We salute the 93-year-old WWII veteran who refuses to retire, and opened up a 'boozy bakery' instead
Peach schnapps, sex on the beach, and piña colada may be familiar drinks to anyone who's spent an afternoon (or a whole day) getting plastered on an ocean-side boardwalk, but they're also specialty desserts at Ray's Boozy Cupcakes, Etc, a bakery in Voorhees, New Jersey run by a 93-year-old World War II veteran named Ray Boutwell.
A former senior Coast Guard official has been accused of shoplifting from a Philadelphia sex shop.
Rear Adm. Francis "Stash" Pelkowski (Ret.) was accused of stealing a tester item from Kink Shoppe on Oct. 8, according to an Instagram post by the store that appeared online two days later. In the post, which included apparent security camera footage of the incident, a man can be seen looking at products on a counter before picking up an item and placing it in his pocket before turning and walking away.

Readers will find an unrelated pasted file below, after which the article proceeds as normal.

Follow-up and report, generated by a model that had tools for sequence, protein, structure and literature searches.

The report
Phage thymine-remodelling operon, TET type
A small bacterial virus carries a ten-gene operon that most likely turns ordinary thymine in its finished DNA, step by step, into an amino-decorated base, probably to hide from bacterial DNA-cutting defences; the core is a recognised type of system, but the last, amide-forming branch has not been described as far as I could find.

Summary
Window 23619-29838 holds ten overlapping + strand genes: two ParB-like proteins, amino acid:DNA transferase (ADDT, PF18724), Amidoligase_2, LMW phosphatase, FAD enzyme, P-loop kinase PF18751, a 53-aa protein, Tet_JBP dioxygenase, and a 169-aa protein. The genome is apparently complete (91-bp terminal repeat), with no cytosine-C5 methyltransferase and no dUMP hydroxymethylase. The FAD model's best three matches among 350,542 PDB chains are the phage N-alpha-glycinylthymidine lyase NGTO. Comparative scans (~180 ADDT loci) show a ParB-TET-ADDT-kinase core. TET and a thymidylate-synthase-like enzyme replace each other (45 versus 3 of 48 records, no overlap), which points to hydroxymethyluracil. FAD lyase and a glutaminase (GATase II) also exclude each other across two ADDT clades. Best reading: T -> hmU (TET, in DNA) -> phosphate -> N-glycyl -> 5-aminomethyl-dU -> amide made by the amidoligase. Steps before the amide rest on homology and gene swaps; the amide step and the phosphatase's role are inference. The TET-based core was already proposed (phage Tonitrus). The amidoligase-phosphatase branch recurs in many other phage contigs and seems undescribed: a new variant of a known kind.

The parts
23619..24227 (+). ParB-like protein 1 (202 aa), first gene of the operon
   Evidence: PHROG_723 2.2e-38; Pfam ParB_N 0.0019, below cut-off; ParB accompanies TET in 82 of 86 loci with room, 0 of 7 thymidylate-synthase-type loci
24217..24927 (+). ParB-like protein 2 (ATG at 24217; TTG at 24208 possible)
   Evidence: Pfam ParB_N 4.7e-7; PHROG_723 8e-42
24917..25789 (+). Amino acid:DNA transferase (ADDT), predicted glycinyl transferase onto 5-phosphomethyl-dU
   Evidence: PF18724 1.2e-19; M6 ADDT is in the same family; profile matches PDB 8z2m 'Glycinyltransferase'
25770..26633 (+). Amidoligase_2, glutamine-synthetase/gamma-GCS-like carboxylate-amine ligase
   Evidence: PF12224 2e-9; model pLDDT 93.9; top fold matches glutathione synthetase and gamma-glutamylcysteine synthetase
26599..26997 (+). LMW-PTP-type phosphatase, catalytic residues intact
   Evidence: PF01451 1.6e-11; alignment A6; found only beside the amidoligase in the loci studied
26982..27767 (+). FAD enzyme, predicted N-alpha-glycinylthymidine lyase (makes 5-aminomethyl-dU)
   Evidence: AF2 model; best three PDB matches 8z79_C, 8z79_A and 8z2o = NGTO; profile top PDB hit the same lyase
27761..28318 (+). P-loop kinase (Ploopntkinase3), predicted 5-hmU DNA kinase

The Instagram post identified the man as Pelkowski, and said it wished him "all the best in his retirement, a sincere thank you for your service, and extreme and utter disappointment in his personal morals."
SAN DIEGO —The Marines say changes in the way they train recruits and their notoriously hard-nosed drill instructors have led to fewer incidents of drill instructor misconduct, officials told the Union-Tribune.
Their statement about training followed an Oct. 5 Washington Post report revealing that more than 20 Marines at the San Diego boot camp have been disciplined for misconduct since 2017, including cases of physical attacks and racist and homophobic slurs. The story also was published in the Union-Tribune.